My review of Larry Hurtado’s One God, One Lord: Early Christian Devotion and Ancient Jewish Monotheism can be found at its Amazon page…and also below:
A Seminal Book
Hurtado is a scholar of the New Testament and of Christian Origins. If you care at all about either of those two subjects, then I recommend his work to you in the strongest possible way.
This book is the foundational and seminal book of his distinguished academic career.
It was originally published in 1988, and stirred many responses in the academic world. Ten years later, however, when the second edition was published, Hurtado said he’d read nothing that would cause him to revise his argument. And so he didn’t. The only material change in the second edition was the inclusion of a 10-12 page additional preface (with over 30 endnotes!) that cataloged much of the interaction about the book that had occurred over the intervening decade.
Hurtado’s magnum opus is the 746-page Lord Jesus Christ: Devotion to Jesus in Earliest Christianity, published in 2003. That tome covers the first two centuries of Christianity. This book, by contrast, focuses on the first century, and mostly on the period from 30 to 50 C.E. Whereas the larger book is more comprehensive, this book is more focused on the very earliest Christians and how they came to revere Jesus as more than a human being.
Another Hurtado book with which to compare this one is his How on Earth Did Jesus Become a God?: Historical Questions about Earliest Devotion to Jesus, published in 2005. Its first four chapters (a little over one hundred pages) probably gives a more quickly and easily-digested version of his views than this book.
This book is scholarly. Of its 178 pages, 40 are endnotes and 10 are indices. (His other two books that I mentioned are also scholarly but have footnotes, which are vastly easier to deal with than endnotes.) All of Hurtado’s writing is academic, but it is also useful to laymen (which defines me). Nevertheless, you have to recognize that Hurtado is writing in discussion with his scholarly peers and that this sometimes takes his attention in directions that are not exactly where a layman wants to go.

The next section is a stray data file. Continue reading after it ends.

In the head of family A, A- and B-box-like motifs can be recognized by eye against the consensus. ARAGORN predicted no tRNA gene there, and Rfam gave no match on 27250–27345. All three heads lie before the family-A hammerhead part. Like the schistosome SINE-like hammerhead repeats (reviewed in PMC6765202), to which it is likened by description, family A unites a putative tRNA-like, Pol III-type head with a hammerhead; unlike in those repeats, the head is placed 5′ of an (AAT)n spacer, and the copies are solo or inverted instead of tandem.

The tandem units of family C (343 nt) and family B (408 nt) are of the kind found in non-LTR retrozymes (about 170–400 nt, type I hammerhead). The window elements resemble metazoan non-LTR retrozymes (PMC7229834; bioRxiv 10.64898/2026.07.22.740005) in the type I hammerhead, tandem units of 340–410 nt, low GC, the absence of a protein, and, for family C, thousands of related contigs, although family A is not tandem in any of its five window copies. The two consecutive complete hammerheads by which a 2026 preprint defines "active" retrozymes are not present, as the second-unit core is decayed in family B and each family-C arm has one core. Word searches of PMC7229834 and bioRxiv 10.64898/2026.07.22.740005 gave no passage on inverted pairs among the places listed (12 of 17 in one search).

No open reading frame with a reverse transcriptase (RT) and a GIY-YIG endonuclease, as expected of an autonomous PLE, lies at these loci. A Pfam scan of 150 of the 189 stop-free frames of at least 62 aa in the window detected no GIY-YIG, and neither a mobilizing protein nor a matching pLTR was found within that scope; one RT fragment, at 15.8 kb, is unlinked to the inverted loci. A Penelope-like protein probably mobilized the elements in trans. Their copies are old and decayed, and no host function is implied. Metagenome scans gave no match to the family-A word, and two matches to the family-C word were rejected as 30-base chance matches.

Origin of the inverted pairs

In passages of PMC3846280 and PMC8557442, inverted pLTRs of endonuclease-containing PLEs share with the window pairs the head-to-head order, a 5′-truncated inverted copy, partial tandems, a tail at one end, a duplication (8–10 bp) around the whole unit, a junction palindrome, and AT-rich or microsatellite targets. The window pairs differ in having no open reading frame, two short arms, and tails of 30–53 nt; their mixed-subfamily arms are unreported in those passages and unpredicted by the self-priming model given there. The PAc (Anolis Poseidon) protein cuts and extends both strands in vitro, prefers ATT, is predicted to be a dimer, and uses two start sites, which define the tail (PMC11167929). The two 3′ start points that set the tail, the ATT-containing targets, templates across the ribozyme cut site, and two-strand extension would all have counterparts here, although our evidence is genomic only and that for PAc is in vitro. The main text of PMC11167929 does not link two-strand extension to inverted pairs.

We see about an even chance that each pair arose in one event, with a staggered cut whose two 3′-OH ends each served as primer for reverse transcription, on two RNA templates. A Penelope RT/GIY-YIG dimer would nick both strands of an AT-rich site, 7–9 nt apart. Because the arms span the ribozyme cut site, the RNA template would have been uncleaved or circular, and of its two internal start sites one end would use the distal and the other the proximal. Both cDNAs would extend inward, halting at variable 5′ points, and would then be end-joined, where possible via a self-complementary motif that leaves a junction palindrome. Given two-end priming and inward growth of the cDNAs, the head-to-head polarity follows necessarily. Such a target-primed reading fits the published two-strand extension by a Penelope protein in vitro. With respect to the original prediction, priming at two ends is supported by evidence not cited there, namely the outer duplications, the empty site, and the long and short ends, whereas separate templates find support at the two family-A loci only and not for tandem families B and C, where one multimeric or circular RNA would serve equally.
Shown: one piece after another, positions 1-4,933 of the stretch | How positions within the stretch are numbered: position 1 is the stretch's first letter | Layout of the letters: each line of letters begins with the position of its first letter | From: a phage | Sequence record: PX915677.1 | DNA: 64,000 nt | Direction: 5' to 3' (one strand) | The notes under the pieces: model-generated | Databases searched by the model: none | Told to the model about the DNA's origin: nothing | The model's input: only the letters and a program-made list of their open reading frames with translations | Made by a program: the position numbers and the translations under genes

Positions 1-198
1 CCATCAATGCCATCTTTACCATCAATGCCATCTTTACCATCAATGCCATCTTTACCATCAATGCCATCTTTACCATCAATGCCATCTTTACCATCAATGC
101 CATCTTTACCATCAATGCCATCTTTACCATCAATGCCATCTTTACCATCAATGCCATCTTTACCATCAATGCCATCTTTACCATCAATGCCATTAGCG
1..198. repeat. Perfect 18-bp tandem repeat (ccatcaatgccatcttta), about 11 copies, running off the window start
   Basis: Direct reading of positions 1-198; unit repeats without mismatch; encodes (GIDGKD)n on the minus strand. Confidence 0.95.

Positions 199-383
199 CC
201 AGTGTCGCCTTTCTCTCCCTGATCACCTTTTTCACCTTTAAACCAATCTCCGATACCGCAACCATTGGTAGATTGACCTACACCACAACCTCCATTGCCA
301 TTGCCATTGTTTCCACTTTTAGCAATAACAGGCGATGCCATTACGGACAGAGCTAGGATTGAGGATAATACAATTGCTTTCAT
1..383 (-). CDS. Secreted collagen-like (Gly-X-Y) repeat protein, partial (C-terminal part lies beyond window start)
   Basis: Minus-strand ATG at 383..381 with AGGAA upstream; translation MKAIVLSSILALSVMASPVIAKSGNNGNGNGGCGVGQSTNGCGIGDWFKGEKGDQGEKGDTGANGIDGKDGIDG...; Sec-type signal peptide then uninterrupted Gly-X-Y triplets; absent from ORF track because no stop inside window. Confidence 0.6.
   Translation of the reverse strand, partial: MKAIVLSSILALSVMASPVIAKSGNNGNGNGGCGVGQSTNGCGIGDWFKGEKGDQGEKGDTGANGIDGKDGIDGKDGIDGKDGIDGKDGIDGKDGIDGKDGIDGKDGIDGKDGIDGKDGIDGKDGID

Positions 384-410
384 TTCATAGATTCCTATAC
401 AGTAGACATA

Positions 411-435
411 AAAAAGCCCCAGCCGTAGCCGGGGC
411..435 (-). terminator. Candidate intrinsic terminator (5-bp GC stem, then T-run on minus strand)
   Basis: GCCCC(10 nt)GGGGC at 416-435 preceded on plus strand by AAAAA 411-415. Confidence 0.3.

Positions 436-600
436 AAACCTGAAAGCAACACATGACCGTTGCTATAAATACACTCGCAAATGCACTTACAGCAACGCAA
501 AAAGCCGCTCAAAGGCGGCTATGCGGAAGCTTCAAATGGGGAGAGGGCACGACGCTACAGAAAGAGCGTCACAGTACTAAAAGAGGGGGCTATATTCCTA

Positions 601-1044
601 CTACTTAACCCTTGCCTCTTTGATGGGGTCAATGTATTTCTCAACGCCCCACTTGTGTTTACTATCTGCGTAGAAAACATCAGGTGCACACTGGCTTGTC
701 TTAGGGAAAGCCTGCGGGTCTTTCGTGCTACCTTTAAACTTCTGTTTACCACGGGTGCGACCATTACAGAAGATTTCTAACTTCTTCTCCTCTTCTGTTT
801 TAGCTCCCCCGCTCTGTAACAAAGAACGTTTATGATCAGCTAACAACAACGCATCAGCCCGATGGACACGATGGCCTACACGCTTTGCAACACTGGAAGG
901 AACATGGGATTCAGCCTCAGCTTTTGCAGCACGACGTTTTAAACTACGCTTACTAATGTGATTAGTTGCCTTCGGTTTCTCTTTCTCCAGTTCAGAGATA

Other comments I’d make about Hurtado’s writing style are that he’s easy to read as academics go. He also has an interesting ability to employ a word or phrase that you’re not expecting. Often, I think he’d rather coin a new term than to use an existing one that he thinks might carry theological baggage. This makes his findings more accessible and keeps them free of factional barbed wire.
Hurtado’s approach is to write as an historian and not as a theologian. This approach, I think, accounts for much of the fresh insight he brings to the subject. He seems bent on learning things, not defending things.
His purpose in this book is to show 1) that the exaltation of Jesus to godlike status was something that occurred from the very beginning of Christian communities (not something that occurred later through pagan influences), and 2) that Jewish monotheism’s belief in exalted divine agents is what gave these early disciples the conceptual framework to regard Him so highly. (After all, the first Christians were all Jews.) Hurtado does not say that 2) fully explains 1), but rather that it was an important part of a complex of factors that resulted in Jesus’ unprecedented exaltation.
Among other things, this book reveals that the earliest Christians had no awareness of God being a trinity. That was not part of how they negotiated an understanding of who Jesus was. By contrast, they saw Jesus as an agent of God elevated to unprecedented power and glory by virtue of His resurrection from the dead and ascension into heaven.
I assume Hurtado is a Trinitarian, but, to his credit as an historian, he makes no attempt to impose that view in this book (or any of his others that I have read). He simply assembles and orders the facts; then sifts through them like a detective, letting them tell us what they can about the history of those early and profoundly important days when the message of Christ first went forth.
For more on the Trinity, see:
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